Special Theme on Digital Twin Evolution

Call for Papers

Guest Editors

  • Mark van den Brand
    TU Eindhoven, NL
  • Loek Cleophas
    TU Eindhoven, NL
    Stellenbosch University, ZA
  • Judith Michael
    RWTH Aachen University, DE
  • Andreas Wortmann
    University of Stuttgart, DE

Important Dates

  • Intent to submit Oct 9th, 2023
  • Submission deadline Nov 1st, 2023
  • Notification end of Feb 2023

Digital twins are increasingly being leveraged within research and industrial sectors to oversee and regulate cyber-physical systems (CPSs) across a multitude of domains—spanning from autonomous driving and biology to medicine and smart manufacturing. These computational counterparts of CPSs offer substantial capabilities, mitigating development expenses and timelines, refining operational pro- cesses, and providing profound insights into the underlying systems they mirror. The applications of digital twins are as multifaceted and varied as their purposes, including but not limited to system analysis, control, and predictive behavior. Their utilization is not confined to a specific time span relative to the physical system; they can be employed pre-implementation to explore potential design avenues or during system operation in sync with the physical system to optimize its performance. In essence, digital twins serve as flexible, versatile, and dynamic tools for system exploration, optimization, and management, offering boundless potential for efficient system development and enhanced understanding across their complete lifespan.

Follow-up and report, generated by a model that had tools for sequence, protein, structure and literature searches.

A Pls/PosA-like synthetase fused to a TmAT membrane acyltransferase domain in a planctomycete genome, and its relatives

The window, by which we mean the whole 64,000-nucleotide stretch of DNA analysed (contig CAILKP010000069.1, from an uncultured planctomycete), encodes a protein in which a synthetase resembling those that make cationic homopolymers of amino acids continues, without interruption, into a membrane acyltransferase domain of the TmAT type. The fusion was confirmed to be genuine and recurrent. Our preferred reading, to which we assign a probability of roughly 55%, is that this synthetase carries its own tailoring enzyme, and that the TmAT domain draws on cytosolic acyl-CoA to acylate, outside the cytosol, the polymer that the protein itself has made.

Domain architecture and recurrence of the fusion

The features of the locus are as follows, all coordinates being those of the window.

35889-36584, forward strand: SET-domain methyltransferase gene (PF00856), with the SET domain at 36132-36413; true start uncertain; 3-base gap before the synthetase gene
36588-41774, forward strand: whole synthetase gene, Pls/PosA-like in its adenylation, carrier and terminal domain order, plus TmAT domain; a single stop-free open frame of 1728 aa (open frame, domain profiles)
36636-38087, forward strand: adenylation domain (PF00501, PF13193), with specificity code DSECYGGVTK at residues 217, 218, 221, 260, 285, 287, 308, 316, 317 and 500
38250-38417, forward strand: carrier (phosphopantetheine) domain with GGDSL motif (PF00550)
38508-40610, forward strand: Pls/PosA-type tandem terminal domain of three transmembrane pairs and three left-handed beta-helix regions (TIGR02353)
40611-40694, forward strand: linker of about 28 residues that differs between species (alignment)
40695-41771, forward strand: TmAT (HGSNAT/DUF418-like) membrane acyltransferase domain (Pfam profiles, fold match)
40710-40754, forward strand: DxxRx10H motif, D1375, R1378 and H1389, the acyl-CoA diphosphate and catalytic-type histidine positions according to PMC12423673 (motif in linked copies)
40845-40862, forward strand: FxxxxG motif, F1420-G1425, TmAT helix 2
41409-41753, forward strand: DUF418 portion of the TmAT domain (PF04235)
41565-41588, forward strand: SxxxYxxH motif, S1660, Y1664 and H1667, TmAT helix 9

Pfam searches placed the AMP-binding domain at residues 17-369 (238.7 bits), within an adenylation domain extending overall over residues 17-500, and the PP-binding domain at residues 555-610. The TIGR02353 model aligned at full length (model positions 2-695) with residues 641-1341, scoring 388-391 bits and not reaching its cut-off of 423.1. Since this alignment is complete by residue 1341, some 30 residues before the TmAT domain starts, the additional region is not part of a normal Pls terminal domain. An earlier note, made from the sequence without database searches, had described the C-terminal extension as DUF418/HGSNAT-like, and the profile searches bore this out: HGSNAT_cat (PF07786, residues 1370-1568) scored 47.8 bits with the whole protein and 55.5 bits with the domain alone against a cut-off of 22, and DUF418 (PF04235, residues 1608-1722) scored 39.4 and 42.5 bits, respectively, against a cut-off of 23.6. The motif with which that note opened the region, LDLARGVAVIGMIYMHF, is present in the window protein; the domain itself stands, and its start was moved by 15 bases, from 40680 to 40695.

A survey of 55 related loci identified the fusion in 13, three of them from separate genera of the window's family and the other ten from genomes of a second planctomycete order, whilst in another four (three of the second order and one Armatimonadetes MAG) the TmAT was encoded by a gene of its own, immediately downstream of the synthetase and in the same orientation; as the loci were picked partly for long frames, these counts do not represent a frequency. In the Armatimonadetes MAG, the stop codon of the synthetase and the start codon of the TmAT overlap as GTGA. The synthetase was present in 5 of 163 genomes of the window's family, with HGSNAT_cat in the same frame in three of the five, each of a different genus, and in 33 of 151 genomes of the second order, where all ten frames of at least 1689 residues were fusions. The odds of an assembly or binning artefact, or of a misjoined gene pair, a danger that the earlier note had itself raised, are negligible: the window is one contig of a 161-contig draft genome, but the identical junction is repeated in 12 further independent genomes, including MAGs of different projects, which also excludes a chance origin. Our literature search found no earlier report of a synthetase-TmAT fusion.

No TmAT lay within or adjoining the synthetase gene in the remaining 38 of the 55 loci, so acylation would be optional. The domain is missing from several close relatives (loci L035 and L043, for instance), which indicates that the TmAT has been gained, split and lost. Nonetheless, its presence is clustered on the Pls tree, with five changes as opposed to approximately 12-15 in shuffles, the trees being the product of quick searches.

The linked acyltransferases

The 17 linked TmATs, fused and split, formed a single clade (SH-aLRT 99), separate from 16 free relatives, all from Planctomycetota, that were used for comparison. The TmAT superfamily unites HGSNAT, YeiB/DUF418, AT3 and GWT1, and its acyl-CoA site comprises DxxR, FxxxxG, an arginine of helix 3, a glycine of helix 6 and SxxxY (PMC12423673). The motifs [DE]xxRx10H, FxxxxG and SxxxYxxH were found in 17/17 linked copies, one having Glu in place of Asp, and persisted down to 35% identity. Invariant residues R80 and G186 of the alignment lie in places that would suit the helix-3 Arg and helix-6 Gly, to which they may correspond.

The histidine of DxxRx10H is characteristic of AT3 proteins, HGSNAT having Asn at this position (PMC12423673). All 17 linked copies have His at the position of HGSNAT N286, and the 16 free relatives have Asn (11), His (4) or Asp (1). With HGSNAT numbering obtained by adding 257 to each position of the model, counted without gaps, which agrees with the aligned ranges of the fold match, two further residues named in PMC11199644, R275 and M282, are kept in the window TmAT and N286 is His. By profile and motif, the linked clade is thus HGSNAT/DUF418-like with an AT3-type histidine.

Considering the lifespan of a physical system, e.g., app. 20 years for an injection molding machine, 50 years for a bridge, and 100 years for a dam. Clearly, these systems and their surrounding context will change. This requires their digital twin to evolve in accordance with this system and context evolution. Evolution is relevant in different life cycle phases of a system:

  1. the experimental nature of the original system, e.g., when simulating properties and changing configurations and design models, is constantly affecting the digital twin as-designed and requiring changes to it;
  2. from as-designed to as-operated, i.e., for twins (often idealized) representing a specific kind of system to a digital twin representing a very specific instance of that type;
  3. from as-operated to as-maintained, i.e., by adjusting the digital twin to match the changing properties of its physical twin (e.g., due to wear and tear), continuously throughout its lifespan.

Aims and Topics

This Special Issue of the Journal of Object Technology aims to provide a platform for Digital Twin researchers and practitioners to report novel results, evidence of successful application, and to present roadmaps for the evolution of Digital Twins. Therefore, the Journal of Object Technology invites original, high-quality submissions for its Special Issue on Digital Twin Evolution. Articles describing any aspect of evolution for and with Digital Twins are in scope. We particularly encourage submissions addressing:



Please send all correspondence concerning the Special Theme (intent to submit, paper submissions, queries etc.) to jot2023dtevolution@easychair.org.

The JOT Journal   |   ISSN 1660-1769   |   DOI 10.5381/jot   |   AITO   |   Open Access   |    Contact